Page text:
Reading from my book of short stories, “THE GIRL WITH THE PAISLEY DUPATTA”. The book is available at Sarasavi, Barefoot, Jam fruit Tree, Expographics and Pendi in Sri Lanka and at Readings, Liberty Books and Paramount Books in Pakistan.
ABOUT THE BOOK:
Many of the stories in this book are from outside the bell curve of our lives, embracing sensitive social elements that are spoken of either in subdued whispers or not at all: from the brutal vigilante justice dispensed in the name of religion in “The Gods of Fury”; to the harrowing custom of honour revenge in the “Sins of our Fathers”; to the patriarchal ruthlessness that so many young women are subjected to in the title story “The Girl with the Paisley Dupatta”.
Some of the other stories are of women and men negotiating life, love, friendship, careers and tradition in the sometimes tumultuous and many times limiting folds of their families and their communities: from the enterprising love affair of 61 year old Nighat in “Love in Rawalpindi”; to the shenanigans of a dancing queen in “Riotous Love”; to the complicated friendship between two middle aged unmarried society girls in “Days of Purgatory”.
The last three stories are a tribute to that most ingenious art form, political satire.
These tales will make you laugh, cry and ruminate in equal measure while niggling at the peripheries of conventional value systems.
In late August Nighat met someone at a niece’s wedding; a retired colonel who, after ten years living abroad, had returned to spend his twilight years in the relative comfort of his family home in Pindi. At seventy, Dilawar Khan had already been a widower for the last twenty years, and his two grownup children were now settled in the US.
He had most serendipitously met this fascinating child-woman and was at once taken with her. Guided by the self assuredness of his ten socially liberated years in Boston, he let Nighat know during the course of that very evening, that he was quite definitely enamoured with her and would love to further pursue the sentiment. Nighat bewildered by such directness while also excited at the prospect of a new admirer, was a mass of blushing, toothy smiles and fidgety movements.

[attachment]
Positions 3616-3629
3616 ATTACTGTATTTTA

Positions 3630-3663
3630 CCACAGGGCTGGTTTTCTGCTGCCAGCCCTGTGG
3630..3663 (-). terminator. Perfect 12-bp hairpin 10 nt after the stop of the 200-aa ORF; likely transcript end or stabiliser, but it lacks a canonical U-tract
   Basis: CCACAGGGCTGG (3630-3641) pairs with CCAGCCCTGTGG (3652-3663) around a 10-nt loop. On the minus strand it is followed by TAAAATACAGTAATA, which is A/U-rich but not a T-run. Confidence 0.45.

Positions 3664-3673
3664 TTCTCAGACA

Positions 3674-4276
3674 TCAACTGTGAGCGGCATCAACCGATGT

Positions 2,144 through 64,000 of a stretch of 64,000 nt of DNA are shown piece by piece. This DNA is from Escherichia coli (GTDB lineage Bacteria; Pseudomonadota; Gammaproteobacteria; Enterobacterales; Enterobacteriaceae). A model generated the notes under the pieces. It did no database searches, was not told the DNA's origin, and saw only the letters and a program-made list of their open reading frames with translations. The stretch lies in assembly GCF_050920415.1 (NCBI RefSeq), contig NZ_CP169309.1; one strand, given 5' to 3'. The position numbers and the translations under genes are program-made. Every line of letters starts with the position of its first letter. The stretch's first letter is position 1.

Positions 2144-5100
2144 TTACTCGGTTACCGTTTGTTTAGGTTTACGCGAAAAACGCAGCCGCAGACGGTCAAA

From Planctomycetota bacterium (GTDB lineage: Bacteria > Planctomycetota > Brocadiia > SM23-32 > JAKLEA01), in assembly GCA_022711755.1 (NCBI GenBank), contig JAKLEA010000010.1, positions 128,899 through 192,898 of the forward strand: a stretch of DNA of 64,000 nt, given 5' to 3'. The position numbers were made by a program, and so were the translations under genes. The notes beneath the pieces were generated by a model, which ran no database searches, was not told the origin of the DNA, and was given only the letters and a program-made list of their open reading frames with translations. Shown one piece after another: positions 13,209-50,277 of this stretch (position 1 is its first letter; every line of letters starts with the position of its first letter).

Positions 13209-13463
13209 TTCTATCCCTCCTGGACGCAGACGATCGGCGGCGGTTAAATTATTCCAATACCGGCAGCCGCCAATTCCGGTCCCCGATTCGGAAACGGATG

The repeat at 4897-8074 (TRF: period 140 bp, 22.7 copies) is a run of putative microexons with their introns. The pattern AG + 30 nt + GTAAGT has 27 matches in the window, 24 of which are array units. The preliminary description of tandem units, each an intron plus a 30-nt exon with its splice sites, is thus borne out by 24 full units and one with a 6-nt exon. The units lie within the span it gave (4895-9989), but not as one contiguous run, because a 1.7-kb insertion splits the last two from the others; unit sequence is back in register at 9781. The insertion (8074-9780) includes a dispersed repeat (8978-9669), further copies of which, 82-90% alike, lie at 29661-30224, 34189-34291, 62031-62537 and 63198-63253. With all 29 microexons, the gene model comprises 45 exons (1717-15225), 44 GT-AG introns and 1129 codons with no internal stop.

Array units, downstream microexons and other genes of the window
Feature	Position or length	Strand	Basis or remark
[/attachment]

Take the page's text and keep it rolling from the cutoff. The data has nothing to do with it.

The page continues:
Her mother, blissfully unaware of her daughter’s encounter, was sitting among the other matriarchs who were critically analysing the scene in front of them, one minute detail at a time. Her younger brother however, had seen the exchange with some foreboding. He and his older brother had never been fond of imagining their mature sister “in love”. It was embarrassing and mildly shameful. They had therefore, in complete earnestness to not only preserve their male protector sensibilities but also the honour of their forefathers, always made sure that any dubious male advances made towards their sister were nipped squarely in the bud. That night he whispered of the episode into his mother’s erstwhile ears.
Nighat was given a dressing down fit for a rebellious teenager. In her mother’s eyes, the extra forty six odd years of age and experience that had piled onto her daughter since her sixteenth birthday, were meaningless in the harshness of the world. She needed to be reminded every so often that all this love shuv* was unbecoming of her; that she was too innocent to protect herself against the wily shenanigans of lusty army men – (they were a particular weakness with her simple minded daughter); and that her place was at her mother’s side – safe, companionless and respectable.
Nighat would have probably forgotten the entire unsavoury episode (for the ending full of maternal fire and brimstone, had killed off any ardent vibes she’d felt during the short encounter), had it not been for a text message that she got a month later. It was from Dilawar Khan.
Her heart had beaten just a tad too wildly as she sat in her Vice Prinicpal office. She had cancelled the meeting she was scheduled to have with a member of the Punjab Text book board and had spent the afternoon mulling over things. How had he got her number she wondered with a little thrill in her heart. He must truly have feelings for her if he had taken the trouble to track her down she thought. Was it right even to respond to him, a seventy year old man she thought with the caution of the underaged, the reticence of the discerning minor who’s aware of being propositioned by a not altogether respectable adult. Somewhere in her mind, there was also a grown up voice that was countering all these adolescent qualms: You’re a sixty one year old woman; you can take care of yourself. He must really be interested in you to have managed to get your number. Write back to him.